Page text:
Ever heard that joke about how if you are young and you aren’t a democrat, you have no heart, but if you are old and you aren’t a republican, you have no brain? Well, there seems to be something similar happening with the portfolios of young and old investors. Stocks with the youngest median owners are very expensive (but so exciting!), but stocks with the oldest median owners are much more fairly valued.
I spoke at the CFA’s 2015 national Wealth Management conference yesterday on the topic of “Millennials and Money” and sadly, I had to report that millennials are making three big mistakes: they aren’t saving enough (-2% savings rate), their asset allocation is back asswards (very heavy on cash, light on stocks), and their stock selection stinks.
It is this third category–poor stock selection–that I found most interesting. First, a quick reminder of how powerful valuations are for predicting future stock returns, on average. Value here is a combination of P/E, P/S, EBITDA/EV, FCF/EV and Shareholder Yield (deciles rebalanced annually).
By just buying the cheapest stocks, you can significantly outperform over the long term (much easier said than done). Expensive stocks do so poorly that they have delivered a negative real return (after inflation). Simply put, you shouldn’t buy expensive stocks (even though some of them crush, the group gets killed).
So now let’s plot the stocks that have the youngest median owners (this is according to data from SigFig, which tracks 2.5 million portfolios representing about $350 billion in assets…their data is awesome). Look where they fall on the value spectrum.
I wasn’t surprised by these (although I’m not sure what Blackberry is doing there…), but the key point is how expensive they are, on average. If you take them as an equal weighted portfolio, they are priced in about the 80th percentile of the market. Not good. Stocks in this valuation decile have done poorly through history. An average 30-year return would turn $1M into $5.4M (nominal).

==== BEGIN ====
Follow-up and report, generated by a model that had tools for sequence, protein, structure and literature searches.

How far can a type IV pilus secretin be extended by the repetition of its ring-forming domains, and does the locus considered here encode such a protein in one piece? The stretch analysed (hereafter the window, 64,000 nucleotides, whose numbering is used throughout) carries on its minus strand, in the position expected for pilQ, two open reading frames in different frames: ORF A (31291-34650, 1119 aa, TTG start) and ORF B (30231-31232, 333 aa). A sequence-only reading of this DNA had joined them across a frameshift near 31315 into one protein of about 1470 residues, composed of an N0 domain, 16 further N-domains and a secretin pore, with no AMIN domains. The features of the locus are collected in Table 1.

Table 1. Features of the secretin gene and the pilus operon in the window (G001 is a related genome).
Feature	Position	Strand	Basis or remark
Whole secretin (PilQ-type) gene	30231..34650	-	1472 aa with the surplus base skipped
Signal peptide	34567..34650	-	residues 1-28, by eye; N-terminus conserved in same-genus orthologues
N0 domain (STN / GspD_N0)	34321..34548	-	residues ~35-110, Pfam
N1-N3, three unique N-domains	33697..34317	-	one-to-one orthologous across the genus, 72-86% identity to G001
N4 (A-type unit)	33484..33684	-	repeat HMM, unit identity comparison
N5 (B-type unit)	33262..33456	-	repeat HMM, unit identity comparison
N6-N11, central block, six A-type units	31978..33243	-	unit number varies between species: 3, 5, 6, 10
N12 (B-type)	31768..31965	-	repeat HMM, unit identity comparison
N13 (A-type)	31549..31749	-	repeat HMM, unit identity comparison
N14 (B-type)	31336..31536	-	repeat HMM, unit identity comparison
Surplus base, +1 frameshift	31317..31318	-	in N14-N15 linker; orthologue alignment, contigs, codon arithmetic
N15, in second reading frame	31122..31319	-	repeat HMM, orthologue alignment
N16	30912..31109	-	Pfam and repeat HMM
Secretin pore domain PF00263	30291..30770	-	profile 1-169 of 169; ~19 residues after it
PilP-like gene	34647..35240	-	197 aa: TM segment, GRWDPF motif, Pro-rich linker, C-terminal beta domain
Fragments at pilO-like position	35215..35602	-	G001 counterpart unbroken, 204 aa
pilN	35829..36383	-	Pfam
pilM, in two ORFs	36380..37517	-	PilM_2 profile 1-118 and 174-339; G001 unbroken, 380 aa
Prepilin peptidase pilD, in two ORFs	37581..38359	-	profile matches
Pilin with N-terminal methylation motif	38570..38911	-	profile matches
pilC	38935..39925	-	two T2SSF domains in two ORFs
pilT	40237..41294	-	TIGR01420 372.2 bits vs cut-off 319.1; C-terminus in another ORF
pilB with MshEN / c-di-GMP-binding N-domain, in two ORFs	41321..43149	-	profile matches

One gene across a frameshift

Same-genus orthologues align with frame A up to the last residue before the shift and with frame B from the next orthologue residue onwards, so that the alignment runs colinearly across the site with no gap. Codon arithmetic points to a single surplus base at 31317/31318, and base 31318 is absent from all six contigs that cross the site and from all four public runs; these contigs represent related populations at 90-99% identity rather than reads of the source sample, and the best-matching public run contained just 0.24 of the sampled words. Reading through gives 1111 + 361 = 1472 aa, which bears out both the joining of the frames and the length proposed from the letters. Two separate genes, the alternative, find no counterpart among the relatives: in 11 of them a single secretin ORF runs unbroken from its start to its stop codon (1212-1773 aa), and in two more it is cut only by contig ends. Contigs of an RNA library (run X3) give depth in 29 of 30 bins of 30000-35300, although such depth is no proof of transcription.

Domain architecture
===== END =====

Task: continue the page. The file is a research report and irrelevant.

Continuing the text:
Now, let’s contrast the millennial portfolio with the boring (but much better valued) grandpa portfolio:
This group of stocks is about as exciting as watching paint dry. And yet, taken as a group, it is priced to do much better than the millennial portfolio. Using the average historical return for stocks falling in a similar valuation bucket, the grandpa portfolio would grow from $1M to $46.2M over 30-years.
Millennials are notoriously skeptical of the market, but have started dipping their toes in with stocks that they know and love. Unfortunately, these stocks are priced to do poorly. Millennials should embrace value investing, but value stocks are no fun. Returns earned from value stocks, however, are quite fun indeed. Millennials could learn a lot from their grandparents.